- 10 to 15 lbs. : 1/2 clove
Remember that cloves might be anywhere from 3 and 7 grams, and your dog’s tolerance to garlic also depends on other factors such as health, age, physical condition, and metabolism.
What Is the Lethal Garlic Dose for Dogs?
Garlic at 15 to 30 grams per kilogram of body weight has been demonstrated to be potentially fatal to dogs in studies.
Larger dogs, on the other hand, are less affected by garlic and can tolerate a bigger dose. In contrast, a 10 lb toy dog can suffer disastrous symptoms even after consuming as little as 10 cloves.
What Is the Effect of Thiosulfate on Dogs?
Thiosulfate is a salt that contains sulfur and oxygen atoms. It’s often used as a reagent in chemical reactions, and it can also be found in some natural sources, such as hot springs. Its chemical formula is S2O3-2.
Thiosulfate is a colorless compound that is soluble in water, decomposing into sulfur dioxide and sulfate when exposed to heat.
Thiosulfate can cause red blood cells (RBC) to oxidize. Red blood cells are hemolyzed as a result of this condition, which simply said, means red cells break down faster than they are formed. This is a major problem because RBCs are crucial for carrying oxygen to all regions of the body.
Garlic poisoning in dogs causes anemia and a lack of red blood cells in the body. Diarrhea, vomiting, abdominal pain, sadness, dehydration, and loss of appetite are all symptoms of this illness.
If your dog has eaten garlic and is experiencing symptoms of garlic toxicity, you should seek medical help right once. Increased hydration, medicines, and even a blood transfusion are all common treatments for such situations.
When Should Your Dog Avoid Garlic?
Garlic should be avoided in the following situations:
- Your dog is scheduled for surgery shortly.
- Your dog is on medication or has a medical condition.
- Your puppy is under the age of eight weeks as red blood cells are still forming during this time.
- If your dog despises the taste of garlic and tries to avoid it, don’t try to feed it to him as a supplement.
- If your dog has an autoimmune condition such as canine lupus, a rare, serious disease that causes your dog’s own immune system to attack the tissues and organs.
Garlic as a Dietary Supplement in Dogs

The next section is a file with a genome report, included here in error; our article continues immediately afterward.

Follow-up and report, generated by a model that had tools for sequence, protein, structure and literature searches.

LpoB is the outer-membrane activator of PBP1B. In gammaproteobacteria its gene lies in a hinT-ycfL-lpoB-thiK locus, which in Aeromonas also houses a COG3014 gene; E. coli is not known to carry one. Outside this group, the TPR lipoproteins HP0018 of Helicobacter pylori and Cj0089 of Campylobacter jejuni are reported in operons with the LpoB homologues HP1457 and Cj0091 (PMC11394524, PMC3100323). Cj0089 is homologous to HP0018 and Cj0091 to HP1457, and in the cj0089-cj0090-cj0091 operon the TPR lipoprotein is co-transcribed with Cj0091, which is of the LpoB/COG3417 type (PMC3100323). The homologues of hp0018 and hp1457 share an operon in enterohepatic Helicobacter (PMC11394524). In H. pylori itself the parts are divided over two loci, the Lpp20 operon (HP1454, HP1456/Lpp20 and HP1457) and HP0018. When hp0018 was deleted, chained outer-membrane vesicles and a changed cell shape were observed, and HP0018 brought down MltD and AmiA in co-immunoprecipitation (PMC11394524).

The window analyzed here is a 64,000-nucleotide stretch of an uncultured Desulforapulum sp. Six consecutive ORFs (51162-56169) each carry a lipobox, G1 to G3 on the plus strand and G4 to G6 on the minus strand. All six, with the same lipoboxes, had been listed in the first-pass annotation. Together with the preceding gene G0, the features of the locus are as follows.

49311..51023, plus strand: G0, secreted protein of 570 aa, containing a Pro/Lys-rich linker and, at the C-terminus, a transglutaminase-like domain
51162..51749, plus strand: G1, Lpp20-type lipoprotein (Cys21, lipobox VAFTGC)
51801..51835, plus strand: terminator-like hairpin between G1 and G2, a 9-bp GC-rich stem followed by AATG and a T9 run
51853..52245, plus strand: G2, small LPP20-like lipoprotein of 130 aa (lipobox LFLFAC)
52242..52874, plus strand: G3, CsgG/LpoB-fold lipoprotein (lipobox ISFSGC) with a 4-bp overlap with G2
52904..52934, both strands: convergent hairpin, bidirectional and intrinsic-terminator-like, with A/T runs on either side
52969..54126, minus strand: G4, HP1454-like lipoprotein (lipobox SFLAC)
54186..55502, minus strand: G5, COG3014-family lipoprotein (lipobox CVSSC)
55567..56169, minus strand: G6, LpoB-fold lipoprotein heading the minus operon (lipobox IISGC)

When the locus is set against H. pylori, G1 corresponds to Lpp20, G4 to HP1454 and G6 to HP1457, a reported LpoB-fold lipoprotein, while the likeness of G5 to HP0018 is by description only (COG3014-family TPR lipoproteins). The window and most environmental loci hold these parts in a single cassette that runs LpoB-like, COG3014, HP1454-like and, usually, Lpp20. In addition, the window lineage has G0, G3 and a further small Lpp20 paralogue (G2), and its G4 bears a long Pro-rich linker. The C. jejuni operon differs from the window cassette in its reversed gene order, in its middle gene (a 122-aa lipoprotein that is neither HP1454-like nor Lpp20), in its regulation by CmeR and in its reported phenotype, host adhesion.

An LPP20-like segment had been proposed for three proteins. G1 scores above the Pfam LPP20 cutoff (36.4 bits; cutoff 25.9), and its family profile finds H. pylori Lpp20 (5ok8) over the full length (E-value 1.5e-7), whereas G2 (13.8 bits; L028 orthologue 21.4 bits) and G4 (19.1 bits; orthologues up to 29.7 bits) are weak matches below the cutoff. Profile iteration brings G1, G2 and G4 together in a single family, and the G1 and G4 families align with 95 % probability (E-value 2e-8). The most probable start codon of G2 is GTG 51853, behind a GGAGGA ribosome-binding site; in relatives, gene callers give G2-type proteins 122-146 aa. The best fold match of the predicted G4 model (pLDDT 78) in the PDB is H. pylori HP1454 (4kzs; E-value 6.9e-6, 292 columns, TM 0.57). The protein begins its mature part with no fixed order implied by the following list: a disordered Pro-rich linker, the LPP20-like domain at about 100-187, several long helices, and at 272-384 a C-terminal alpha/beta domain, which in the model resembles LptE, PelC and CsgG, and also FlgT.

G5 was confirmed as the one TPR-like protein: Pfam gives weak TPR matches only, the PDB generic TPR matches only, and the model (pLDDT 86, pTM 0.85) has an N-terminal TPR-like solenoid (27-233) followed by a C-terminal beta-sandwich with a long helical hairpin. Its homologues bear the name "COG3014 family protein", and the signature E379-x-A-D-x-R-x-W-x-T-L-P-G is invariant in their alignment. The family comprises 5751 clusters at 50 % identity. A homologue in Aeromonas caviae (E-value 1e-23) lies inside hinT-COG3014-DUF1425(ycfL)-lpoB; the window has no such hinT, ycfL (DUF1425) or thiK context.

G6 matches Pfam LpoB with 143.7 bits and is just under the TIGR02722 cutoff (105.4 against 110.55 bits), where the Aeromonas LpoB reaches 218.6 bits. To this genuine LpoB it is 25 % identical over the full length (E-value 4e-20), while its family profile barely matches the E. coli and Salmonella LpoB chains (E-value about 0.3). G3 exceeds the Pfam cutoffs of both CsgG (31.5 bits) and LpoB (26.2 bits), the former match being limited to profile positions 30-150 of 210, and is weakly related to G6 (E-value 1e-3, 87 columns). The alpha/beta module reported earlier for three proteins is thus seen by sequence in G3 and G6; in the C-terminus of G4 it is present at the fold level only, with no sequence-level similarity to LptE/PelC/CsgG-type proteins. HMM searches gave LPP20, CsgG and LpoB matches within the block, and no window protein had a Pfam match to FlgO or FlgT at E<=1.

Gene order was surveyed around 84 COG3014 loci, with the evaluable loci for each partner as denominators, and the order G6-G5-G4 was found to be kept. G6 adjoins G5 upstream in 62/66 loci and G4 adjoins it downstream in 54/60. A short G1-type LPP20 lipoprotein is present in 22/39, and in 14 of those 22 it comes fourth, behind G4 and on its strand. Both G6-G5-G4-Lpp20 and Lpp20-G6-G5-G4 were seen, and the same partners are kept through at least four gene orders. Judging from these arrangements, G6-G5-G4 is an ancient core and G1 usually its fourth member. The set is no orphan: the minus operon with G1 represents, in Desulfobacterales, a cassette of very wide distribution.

Giving low amounts of garlic to your fur babies can be healthy with a variety of positive effects, though this has yet to be scientifically confirmed. Here are a few of the advantages of giving your dog tiny amounts of garlic:
Detoxifies the Liver
Garlic is claimed to contain properties that aid in the breakdown and elimination of dangerous poisonous substances from the body by the liver. Garlic is an excellent way to boost liver function and improve overall health.
Booster for Immunity
Garlic is said to have anti-cancer qualities in animals as well as humans. This aids in the prevention of a possibly fatal condition that could hit your dog in the old life. A rich source of antioxidants, the healing properties of garlic help protect against cell damage and reduce the risk of oxidative stress.
Small quantities of garlic consumed over time can be good for your four-legged friend in the long run. It can help to enhance and lower blood cholesterol levels, strengthening their hearts and help them live longer!
Lowers Blood Pressure
One way that garlic acts is by helping to relax the smooth muscles in the walls of blood vessels, which in turn lowers the resistance to blood flow and makes it easier for the heart to pump blood.
Studies have shown that garlic can help to inhibit the production of inflammatory compounds in the body. Additionally, garlic is a rich source of antioxidants, which can help to protect cells from damage caused by inflammation.
Garlic For Your Dog… Yes or No?
On both sides of the debate, there are numerous credible sources. If you’re thinking about adding garlic or other supplements to your dog’s food, always talk to your veterinarian first.
Your veterinarian can assist you in determining the proper dosages as well as preventative strategies and treatment.
So, is garlic poisonous to dogs? The answer is a little complicated. In small doses, garlic can be beneficial to your furry friend’s health, but in large doses, it can be harmful.
It’s always best to consult with your veterinarian before giving your dog any new food or supplement, including garlic.